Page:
1 qt. corn meal
1/2 tsp. salt
1 tbs. butter OR 2 tbs. suet, chopped fine
2 eggs, beaten
Wheat flour to coat dumplings
Sift a quart of fine Indian [corn] meal, mix with it a salt-spoonful of salt, a spoonful of butter, or two of finely chopped suet, two well beaten eggs and enough sweet milk to make it into good bread dough. Work it well with your hands, make it into dumplings the size of a large biscuit, flour them well, drop them into a pot of boiling water, and boil them briskly till done. Be very careful in serving them, lest you break them. Eat them warm with molasses. Indian dumplings are sometimes eaten with corned pork or bacon. In such cases they should be boiled with the meat with which they are served.
From The Kentucky Housewife by Lettice Bryan, 1839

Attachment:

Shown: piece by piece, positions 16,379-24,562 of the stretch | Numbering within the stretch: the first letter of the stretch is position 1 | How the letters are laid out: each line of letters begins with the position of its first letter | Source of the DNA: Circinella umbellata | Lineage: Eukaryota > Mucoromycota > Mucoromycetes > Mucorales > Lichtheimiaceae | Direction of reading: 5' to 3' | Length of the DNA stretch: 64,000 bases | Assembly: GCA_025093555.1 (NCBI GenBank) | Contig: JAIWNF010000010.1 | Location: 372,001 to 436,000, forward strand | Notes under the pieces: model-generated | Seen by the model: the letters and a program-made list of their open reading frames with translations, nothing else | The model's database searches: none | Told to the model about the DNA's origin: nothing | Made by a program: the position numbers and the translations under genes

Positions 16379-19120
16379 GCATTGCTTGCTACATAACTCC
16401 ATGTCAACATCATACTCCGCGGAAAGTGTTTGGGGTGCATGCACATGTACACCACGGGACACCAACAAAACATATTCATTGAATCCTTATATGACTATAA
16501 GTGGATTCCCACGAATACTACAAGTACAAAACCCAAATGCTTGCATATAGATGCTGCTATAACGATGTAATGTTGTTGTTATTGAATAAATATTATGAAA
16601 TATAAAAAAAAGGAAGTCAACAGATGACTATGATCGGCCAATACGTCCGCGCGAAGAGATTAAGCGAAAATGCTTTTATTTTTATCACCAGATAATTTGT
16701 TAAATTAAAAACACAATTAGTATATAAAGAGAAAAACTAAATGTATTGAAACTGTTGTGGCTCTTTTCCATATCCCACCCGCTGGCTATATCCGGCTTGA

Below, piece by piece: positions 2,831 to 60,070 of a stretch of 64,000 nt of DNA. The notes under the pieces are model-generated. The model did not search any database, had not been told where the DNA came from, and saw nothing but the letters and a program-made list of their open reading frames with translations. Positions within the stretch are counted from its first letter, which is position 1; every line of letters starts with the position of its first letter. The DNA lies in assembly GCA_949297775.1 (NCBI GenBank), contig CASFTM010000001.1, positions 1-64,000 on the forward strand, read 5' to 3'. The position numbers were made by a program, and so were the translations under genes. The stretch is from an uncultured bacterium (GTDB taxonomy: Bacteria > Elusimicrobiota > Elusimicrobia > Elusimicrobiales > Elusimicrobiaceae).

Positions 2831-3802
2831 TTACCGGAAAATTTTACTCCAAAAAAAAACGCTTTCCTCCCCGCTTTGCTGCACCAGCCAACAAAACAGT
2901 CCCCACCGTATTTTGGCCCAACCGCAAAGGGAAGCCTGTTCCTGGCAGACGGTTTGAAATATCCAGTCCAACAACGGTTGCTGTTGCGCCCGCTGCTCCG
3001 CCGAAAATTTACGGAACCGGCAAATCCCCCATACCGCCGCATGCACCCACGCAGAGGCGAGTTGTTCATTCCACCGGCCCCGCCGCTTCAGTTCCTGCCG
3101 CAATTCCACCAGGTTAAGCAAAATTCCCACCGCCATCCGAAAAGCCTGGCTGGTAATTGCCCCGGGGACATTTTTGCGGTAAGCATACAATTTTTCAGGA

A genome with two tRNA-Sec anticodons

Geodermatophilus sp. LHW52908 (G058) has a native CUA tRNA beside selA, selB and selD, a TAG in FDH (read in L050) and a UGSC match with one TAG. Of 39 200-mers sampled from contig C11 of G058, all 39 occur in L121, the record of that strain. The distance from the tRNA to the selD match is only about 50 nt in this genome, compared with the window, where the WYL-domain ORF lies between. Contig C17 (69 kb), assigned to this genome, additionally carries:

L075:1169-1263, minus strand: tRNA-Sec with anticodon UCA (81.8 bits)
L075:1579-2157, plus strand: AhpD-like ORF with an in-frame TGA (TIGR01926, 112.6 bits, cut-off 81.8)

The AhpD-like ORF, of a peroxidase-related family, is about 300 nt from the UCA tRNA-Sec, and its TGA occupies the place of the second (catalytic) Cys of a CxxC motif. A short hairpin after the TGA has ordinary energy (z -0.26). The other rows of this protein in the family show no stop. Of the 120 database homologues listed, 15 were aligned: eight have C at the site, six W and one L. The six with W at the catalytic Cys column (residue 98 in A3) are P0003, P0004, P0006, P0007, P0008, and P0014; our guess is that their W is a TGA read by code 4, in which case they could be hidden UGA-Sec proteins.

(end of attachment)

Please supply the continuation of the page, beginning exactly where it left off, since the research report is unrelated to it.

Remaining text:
Comment: These items were not made by Indians either North American nor south Asian. The name derives from the fact that what is now universally known as “corn meal” was called “Indian meal” or just “Indian” in the 19th century. We suspect a certain amount of practice was needed before a cook mastered the art of getting these to the table in a whole, rather than broken if not completely crumbled, condition. If they were made a bit smaller than Mrs. Bryan calls for, and boiled in oil rather than water, they would be instantly recognizable as hushpuppies.